MRI

Magnetic Resonance Imaging is more commonly referred to as MRI. MRI is a non-invasive procedure used to gather information about your body without involving radiation.

The MRI machine is a large magnet with a round opening. Using the magnet and radio waves, signals are sent to a computer that makes an image of the inside of the body appear on a screen.

MRI has been useful in diagnosing disorders of the central nervous system, joints, abdominal and pelvic organs, and circulatory system.

Winneshiek Medical Center has an in-house MRI machine. With patient convenience in mind, we provide scheduled MRI exams Monday – Friday.

Special notes about MRI

Due to the magnetic properties of MRI, it is essential that we know about all metallic devices that may be present inside your body. They include pacemakers and/or pacewires, embedded shrapnel, aneurysm clips, cochlear stimulating devices, and artificial valves surgically affixed to your heart. You may be asked to have an X-ray of your eyes if you have a history of metal welding or grinding to ensure there is no metal present in your eyes.

You will be asked to remove all loose or foreign metal objects such as jewelry, watches, dentures, credit cards and hairpins.

What to expect

If you have concerns about lying in a small, enclosed space, mild sedation can help you comfortably complete the exam. Please discuss these concerns with your doctor prior to the exam to obtain the necessary medications.

Before your exam, a radiologic technologist will ask you to change into a gown and remove all loose or foreign metal objects such as jewelry, watches, dentures, credit cards and hairpins. Prior to entering the exam room, the technologist will screen your body with a metal detector to ensure your safety. You will be asked to lie on the examining table, usually on your back, and to wear the provided ear plugs.  Depending on the area of the body to be examined, you may need a contrast agent to help produce clear images. Most contrast agents are injected into your body through a small IV needle. Please inform the technologist if you are allergic to gadolinium or have had contrast reactions during a previous MRI.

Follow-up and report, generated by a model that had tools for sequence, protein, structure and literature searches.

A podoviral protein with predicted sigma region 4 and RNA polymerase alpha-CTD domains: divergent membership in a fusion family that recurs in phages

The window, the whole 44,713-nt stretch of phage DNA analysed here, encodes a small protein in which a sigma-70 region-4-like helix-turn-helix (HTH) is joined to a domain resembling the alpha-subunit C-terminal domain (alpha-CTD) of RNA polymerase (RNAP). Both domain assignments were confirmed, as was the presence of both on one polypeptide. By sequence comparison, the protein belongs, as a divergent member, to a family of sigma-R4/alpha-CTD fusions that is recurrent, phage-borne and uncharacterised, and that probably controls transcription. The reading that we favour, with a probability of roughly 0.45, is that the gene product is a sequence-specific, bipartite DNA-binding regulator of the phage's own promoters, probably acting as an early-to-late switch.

Once the exam begins, the table will move inside a large tunnel-like opening that houses the magnet. While the machine is running and images are being taken, you will hear a variety of knocking and buzzing noises, which may become quite loud. It is very important that you lie completely still throughout the entire exam so the images are clear.

The technologist will monitor the machine from a computer in an adjacent room. He or she will be able to see, hear and communicate with you at all times. You will be able to talk with the technologist through an intercom system.

If you are pregnant, MRI is not recommended. Please inform the radiologic technologist if you are pregnant or suspect you may be pregnant.

In general, most exams take between 45 minutes and 1 hour, but can take up to 2 hours to complete. A radiologist will interpret the MRI and your doctor will discuss the results of the scan with you.

Commonly asked questions
Can I see my images?

  • Your images will be available to your doctor in 24-48 hours in the event you would like to view the MRI images.

When will I get my results?

  • Your doctor should contact you within 2-3 working days. Feel free to contact their office if you do not hear from them.

How long does the test take?

  • Most exams take between 45 minutes and 1 hour, but can take up to 2 hours to complete.

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